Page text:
At the Central New York THAT (The Humanities and Technology) Camp held in Olin Library, there were no official presenters, while participants voted on workshop topics and met in collaborative sessions.
The informal structure suited the subject matter, since digital humanities is a relatively new and rapidly evolving field.
“So much of this technology is cutting-edge. Everybody is learning together, so you’re sharing tips and tools,” said Susette Newberry, assistant director of Research and Learning Services for Olin and Uris libraries. “It’s a collaborative learning effort.”
THATCamp is a national series of events promoting digital humanities – broadly defined as the use of technology in the research and teaching of humanities. The Central New York THATCamp took place April 9-10, following a morning graduate student symposium April 9 at which scholars gave brief presentations on their technology-based teaching or research projects.
The camp grew out of growing interest in digital humanities at Cornell, regionally and nationwide. Through the newly formed Digital Humanities Grad Network, humanities graduate students at Cornell meet monthly at the library to discuss digital projects, approaches and resources.
“As long as it involves critical reflection of why one is using certain tools, digital humanities pedagogy offers a range of possibilities, from provoking students to re-evaluate their relationship with the technology they use every day to more interactive and collaborative learning and building in the classroom,” said Mia Tootill, a doctoral candidate in musicology, a Don M. Randel teaching fellow and digital humanities intern. Tootill organized the THATCamp, symposium and, with fellow graduate students Ruth Mullet and Sam Carter, the new graduate network.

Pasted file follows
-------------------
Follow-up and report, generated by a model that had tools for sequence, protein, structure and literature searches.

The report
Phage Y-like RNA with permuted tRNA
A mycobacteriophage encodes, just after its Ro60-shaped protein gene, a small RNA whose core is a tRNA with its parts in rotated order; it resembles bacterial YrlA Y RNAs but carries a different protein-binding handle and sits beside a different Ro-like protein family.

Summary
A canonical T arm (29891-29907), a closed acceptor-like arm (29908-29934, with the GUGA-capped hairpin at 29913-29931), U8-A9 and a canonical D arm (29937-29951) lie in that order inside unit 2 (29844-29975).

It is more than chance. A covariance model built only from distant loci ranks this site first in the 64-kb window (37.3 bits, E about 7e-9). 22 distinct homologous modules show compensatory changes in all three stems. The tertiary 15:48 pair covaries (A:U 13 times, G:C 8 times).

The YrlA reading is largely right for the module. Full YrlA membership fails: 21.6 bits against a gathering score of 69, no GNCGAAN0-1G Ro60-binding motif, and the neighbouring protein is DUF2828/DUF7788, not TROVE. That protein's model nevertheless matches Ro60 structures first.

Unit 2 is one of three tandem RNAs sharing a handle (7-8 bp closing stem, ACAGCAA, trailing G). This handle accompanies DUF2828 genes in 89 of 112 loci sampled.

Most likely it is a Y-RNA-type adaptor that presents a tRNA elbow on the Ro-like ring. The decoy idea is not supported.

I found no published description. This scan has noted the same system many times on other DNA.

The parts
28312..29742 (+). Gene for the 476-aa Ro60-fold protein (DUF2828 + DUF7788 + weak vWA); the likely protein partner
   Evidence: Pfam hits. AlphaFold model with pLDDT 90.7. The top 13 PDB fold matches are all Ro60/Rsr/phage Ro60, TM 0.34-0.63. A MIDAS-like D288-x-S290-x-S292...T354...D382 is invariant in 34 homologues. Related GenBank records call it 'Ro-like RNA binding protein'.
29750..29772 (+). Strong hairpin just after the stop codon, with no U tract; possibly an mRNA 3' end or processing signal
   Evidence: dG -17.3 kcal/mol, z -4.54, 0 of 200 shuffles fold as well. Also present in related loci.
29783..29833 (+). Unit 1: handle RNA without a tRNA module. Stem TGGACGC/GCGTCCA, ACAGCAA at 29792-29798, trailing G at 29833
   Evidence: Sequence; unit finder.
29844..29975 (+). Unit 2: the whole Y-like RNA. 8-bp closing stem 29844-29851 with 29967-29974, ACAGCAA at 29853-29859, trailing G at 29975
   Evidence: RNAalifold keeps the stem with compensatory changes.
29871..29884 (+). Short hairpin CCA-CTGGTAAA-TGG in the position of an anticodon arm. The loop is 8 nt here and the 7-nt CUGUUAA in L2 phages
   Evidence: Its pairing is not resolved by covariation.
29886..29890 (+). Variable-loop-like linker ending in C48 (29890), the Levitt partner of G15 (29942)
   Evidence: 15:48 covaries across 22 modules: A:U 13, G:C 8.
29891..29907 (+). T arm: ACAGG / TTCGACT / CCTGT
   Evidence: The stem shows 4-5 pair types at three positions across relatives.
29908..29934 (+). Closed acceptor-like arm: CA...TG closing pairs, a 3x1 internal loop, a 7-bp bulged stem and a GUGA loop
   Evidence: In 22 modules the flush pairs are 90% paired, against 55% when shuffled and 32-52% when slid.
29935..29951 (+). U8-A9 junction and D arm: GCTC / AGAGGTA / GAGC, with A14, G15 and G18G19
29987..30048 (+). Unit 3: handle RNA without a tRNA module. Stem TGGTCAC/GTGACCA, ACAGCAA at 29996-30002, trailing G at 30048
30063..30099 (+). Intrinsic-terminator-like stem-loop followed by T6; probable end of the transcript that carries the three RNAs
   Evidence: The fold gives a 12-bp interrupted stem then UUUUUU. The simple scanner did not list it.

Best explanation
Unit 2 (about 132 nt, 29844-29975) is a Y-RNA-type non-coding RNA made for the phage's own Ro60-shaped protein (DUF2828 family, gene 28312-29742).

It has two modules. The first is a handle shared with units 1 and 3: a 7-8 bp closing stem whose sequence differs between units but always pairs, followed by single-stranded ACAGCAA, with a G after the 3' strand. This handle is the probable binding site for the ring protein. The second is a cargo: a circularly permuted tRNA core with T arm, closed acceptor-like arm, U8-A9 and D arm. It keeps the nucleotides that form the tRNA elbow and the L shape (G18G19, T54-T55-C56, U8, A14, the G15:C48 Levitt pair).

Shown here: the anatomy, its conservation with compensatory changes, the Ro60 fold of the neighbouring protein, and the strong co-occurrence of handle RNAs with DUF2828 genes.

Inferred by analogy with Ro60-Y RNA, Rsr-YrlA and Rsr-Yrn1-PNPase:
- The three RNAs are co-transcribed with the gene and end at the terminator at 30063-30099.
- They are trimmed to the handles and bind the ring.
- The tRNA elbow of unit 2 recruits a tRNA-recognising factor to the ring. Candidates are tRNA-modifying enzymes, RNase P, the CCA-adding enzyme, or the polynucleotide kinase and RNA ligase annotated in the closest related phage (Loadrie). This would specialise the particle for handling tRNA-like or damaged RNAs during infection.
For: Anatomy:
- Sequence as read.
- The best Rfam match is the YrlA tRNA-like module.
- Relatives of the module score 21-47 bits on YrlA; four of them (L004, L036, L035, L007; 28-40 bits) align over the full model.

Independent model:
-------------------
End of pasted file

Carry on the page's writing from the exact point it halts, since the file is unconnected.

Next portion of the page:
Around 50 people attended the two-day event, which followed a similar 2014 event at Syracuse University. Tootill and other organizers envision this as part of an annual or biennial regional gathering.
Many of the symposium presenters and workshop participants were alumni of digital programs at the library, including the four-day January immersion program for graduate students, and the summer digital scholarship humanities fellowship, soon to be in its fourth year.
Digital projects discussed included the use of 3-D printing in archaeology, the possibilities of text encoding in poetry, online crowdsourcing and using citation management software to organize archival research.
A participant from the Rochester Institute of Technology led an exercise in collaborative world building using Wikis and digital maps, in which digital tools are used to envision and analyze invented societies. During a lunchtime session known as “Dork Shorts,” participants presented their work in two- to three-minute bursts.
“That was really engaging,” said Newberry. “It’s the future, we can’t be chained to print anymore. Digital technologies allow us to do so many different things.”
THATCamp and the Digital Humanities Graduate Student Symposium were co-sponsored by the Central New York Humanities Corridor from an award by the Andrew W. Mellon Foundation, Cornell University Library and the Cornell Graduate and Professional Student Assembly Finance Commission, with administrative support from the Society for the Humanities.
For more information about the Digital Humanities Grad Network, contact Mia Tootill.
This article also appeared in the Cornell Chronicle.